Here are some quick, easy ideas, particularly if you have a pressure cooker.
Quinoa with black beans, greens, broccoli, or zucchini, and salsa (and/or guacamole).
Masamba (from Malawi) is one of our favorite easy comfort dishes. Potatoes and kale or collard greens topped with a mixture of salsa and peanut butter.
Brown rice with sweet potato, hazelnuts, and cranberries or currants.
Lentil soup w/spinach.
Brown rice with stir fry veggies, cashews, and pineapple.
Pasta (corn, brown rice, or quinoa) with artichokes, tomatoes, and hummus.
We also have vegan goulash, chickpea vindaloo, vegan posole, savory pumpkin pie, homemade vegan pizza, etc.
See if your library has: ExtraVeganZa by Laura Matthias, Clean Food by Terry Walters, Vegan Lunch Box and Vegan Lunch Box Around the World by Jennifer McCann, The Voluptuous Vegan by Myra Kornfeld, Short-Cut Vegetarian and Cooking Under Pressure by Lorna Sass, Delicious Jamaica! by Yvonne McCalla Sobers, Pure & Simple by Tami A. Benton,Flavors of the Southwest by Robert Oser,Spicy Vegan by Sudha Raina, and Vegan Planet by Robin Robertson or peruse them at your local bookstore for ideas.
Your life mirrors my own. My husband and I both love good food, but he is much more cautious about calories, protein and fat counts (except when he is eating chicken wings and pizza!). John Berardi's "Gourment Nutrition" saved our marriage (or at least the mealtime portions of it!). http://www.gourmetnutrition.com/
It's very important still to include carbs in your meals, but try getting into healthy carbs. Things like quinoa and millet (as well as the more obvious option of brown rice) can help to vary your diet and are a great alternative to white rice or potatoes.
Similarly, try things like cannelini bean or chickpea purée instead of mashed potato - fry some garlic in olive oil and mix through it for a really tasty accompaniment to fish, chicken, etc.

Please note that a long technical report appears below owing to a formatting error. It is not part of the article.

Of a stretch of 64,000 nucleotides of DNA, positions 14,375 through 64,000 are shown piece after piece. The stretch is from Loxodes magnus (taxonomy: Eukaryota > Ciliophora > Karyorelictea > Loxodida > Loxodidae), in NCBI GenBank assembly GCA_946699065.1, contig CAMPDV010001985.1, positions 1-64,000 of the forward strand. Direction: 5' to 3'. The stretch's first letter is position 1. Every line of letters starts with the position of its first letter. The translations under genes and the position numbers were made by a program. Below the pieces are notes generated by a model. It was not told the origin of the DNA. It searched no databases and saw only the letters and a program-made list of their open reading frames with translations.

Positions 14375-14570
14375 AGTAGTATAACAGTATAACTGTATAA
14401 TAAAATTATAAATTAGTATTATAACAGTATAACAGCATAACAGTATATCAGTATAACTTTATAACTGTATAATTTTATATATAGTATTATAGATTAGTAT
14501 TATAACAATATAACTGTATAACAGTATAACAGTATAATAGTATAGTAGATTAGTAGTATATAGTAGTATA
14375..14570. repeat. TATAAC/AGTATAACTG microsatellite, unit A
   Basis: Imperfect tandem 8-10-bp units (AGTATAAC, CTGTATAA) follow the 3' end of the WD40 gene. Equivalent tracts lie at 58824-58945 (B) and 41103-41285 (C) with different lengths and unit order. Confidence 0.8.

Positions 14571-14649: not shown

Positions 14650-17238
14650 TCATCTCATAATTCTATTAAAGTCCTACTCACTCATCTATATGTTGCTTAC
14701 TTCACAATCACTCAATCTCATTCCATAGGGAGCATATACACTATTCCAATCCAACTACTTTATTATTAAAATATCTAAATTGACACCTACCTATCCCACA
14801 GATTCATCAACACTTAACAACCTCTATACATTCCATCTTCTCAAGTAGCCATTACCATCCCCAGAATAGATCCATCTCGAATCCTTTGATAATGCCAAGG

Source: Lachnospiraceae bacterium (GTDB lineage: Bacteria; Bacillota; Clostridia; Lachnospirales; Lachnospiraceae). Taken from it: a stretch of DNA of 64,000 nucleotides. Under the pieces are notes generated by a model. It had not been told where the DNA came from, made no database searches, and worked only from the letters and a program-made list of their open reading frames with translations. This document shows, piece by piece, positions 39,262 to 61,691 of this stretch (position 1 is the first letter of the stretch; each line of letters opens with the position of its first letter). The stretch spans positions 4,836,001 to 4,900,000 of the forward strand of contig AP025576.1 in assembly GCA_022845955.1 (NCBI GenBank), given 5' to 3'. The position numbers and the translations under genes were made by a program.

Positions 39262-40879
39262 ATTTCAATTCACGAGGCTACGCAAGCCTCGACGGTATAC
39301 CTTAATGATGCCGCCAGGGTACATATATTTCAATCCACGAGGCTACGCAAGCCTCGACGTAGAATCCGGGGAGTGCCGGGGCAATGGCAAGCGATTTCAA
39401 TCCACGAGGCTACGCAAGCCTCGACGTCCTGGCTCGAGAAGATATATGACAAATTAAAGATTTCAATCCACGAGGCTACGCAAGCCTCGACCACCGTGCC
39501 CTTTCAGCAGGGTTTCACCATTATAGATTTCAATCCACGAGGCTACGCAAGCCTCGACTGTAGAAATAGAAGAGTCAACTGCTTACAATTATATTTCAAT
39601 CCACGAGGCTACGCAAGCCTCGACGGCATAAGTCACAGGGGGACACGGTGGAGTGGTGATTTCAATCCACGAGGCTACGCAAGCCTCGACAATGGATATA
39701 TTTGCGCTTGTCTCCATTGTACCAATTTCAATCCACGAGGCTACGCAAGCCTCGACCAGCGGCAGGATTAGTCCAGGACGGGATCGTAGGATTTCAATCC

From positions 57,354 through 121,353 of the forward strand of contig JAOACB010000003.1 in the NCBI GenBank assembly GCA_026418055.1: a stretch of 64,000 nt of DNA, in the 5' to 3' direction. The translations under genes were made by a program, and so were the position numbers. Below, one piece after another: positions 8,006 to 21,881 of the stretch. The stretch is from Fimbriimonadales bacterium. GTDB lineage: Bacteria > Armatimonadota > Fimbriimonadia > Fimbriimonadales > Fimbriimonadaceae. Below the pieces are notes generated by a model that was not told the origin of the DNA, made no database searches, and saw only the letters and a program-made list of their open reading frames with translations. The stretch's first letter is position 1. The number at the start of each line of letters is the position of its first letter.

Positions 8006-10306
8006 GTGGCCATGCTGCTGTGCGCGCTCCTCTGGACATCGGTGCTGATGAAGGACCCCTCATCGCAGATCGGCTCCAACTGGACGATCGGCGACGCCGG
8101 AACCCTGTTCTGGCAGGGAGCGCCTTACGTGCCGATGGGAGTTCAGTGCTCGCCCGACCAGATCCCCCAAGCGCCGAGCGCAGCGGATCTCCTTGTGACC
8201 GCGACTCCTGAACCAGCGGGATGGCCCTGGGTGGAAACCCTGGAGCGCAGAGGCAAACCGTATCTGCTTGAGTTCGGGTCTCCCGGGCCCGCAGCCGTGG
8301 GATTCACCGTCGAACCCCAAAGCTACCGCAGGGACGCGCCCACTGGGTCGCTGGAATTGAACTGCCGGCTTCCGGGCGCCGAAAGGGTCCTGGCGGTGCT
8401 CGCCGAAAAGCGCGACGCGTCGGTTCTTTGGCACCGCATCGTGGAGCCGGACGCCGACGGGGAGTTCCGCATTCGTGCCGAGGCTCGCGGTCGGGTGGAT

You can also get great healthier alternatives to regular carby products such as noodles (for stir-frys or noodle soups) - there are wholewheat noodles, as well as ones made with buckwheat, spelt and brown rice. Serve them with a tofu/fish/chicken and vegetable stirfry and you're sorted!
If someone likes them, they should eat them. But there's no nutritional *need* for them. I was not instructed to avoid starches I'd been doing it for a decade. My endo recommends no one eat starches or sugars. All the carbs in qunioa and brown rice are sugar once they hit your blood stream and compared to non starch carbs, they are extremely low in nutrients and high in calories. Just compare 100 grams of spinach,say, to 100 grams of brown rice.
Um, I feel a little out of place here, but the OP did say to post recipes.
Here I am 2007!
I'm Japanese, my mother makes this great stew out of natto and seafood / pork / chicken. winter vegetables, chives (or any type of strong onion), and tofu. It's kind of Korean-ish. I will state that she makes traditional Japanese dishes just fine, but the above stew is definitely mention worthy, and ought to appeal to more non-Japanese palates. If you want, you could make dashi properly out of kombu, dried shiitake or dried scallops, but if you add in other types of protein you shouldn't need it.